This paper provides details of comprehensive computational-fluid-dynamics (CFD) -based studies performed to overcome the separation inefficiencies experienced in a large-scale three-phase separator. It will be shown that the classic design methods are too conservative and would result in oversized separators. In this study, effective CFD models are developed to estimate the phase-separation parameters that are integrated into an algorithmic design method to specify a realistic optimum separator. The CFD simulations indicated that noticeable residence times are required for liquid droplets to penetrate through the interfaces, and liquid droplets would be entrained again from the liquid/liquid-interface vicinity by the continuous liquid phase.
The main purpose of the surface facilities on an oil-production platform is to separate the produced multiphase stream into its vapor and liquid fractions. In fact, a properly sized primary multiphase separator can increase the capacity of the entire facility. The literature on the critical unit operation of multiphase separators is extensive, particularly regarding two-phase separators. Most of these documents propose separator-design guidelines and some address operating-performance issues associated with multiphase separators.
In a very few studies, CFD-based simulations have been performed to provide a realistic picture of fluid-phase-separation phenomena and to improve separator efficiency. These CFD-based studies, however, have been focused generally on performance issues in specific operating separators. Recently, a realistic CFD simulation of an oilfield three-phase separator has been provided by Pourahmadi Laleh et al. (2012). The separator of interest was installed on the Gullfaks-A offshore platform. The original CFD based study of this separator was performed by Hansen et al. (1993), and the paper provided the geometrical specifications of the Gullfaks-A separator (Fig. 1) and the physical parameters for the fluids (Table 1).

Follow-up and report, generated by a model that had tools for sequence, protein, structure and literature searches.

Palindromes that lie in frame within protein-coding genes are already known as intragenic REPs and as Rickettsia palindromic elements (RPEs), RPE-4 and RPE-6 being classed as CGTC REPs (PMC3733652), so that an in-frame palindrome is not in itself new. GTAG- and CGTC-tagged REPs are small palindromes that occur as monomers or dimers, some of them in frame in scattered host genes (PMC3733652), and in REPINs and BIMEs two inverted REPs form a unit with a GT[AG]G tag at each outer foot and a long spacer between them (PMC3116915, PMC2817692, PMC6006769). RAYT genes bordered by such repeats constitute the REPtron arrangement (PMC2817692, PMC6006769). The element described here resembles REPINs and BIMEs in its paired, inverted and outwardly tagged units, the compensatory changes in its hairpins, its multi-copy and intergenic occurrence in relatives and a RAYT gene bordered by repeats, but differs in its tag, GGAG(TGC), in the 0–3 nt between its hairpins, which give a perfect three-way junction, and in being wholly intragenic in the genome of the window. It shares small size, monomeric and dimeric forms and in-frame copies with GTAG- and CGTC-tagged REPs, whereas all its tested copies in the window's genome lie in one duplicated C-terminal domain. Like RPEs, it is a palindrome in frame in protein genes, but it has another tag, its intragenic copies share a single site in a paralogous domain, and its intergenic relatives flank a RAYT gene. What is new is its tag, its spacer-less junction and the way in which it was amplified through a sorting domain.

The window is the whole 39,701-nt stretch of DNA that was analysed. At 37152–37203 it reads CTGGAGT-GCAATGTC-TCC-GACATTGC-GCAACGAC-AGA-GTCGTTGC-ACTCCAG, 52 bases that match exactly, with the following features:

Production on the Gullfaks-A platform started in 1986–87, and the separator performed as expected during the first years. However, several separation inefficiencies, such as emulsion problems and water-level-control failure, were experienced with increasing produced water-flow rate. The developed CFD simulation of the separator could capture these field-separation problems by evaluating the mass distribution of oil and water droplets between oil and water outlets. As presented in Pourahmadi Laleh et al. (2012), the overall separation efficiency of 98.0% in 1988 would decrease to 70.4% for the future-production condition. The separation efficiencies for oil and water droplets were calculated to be 100 and 96.9%, respectively, for the 1988 production condition. For the future-production condition, the separation efficiency was 1.3% for oil droplets and 100% for water droplets. Hence, it was concluded that major separation inefficiency would be encountered by the existing separator for the projected increase in the produced-waterflow rate.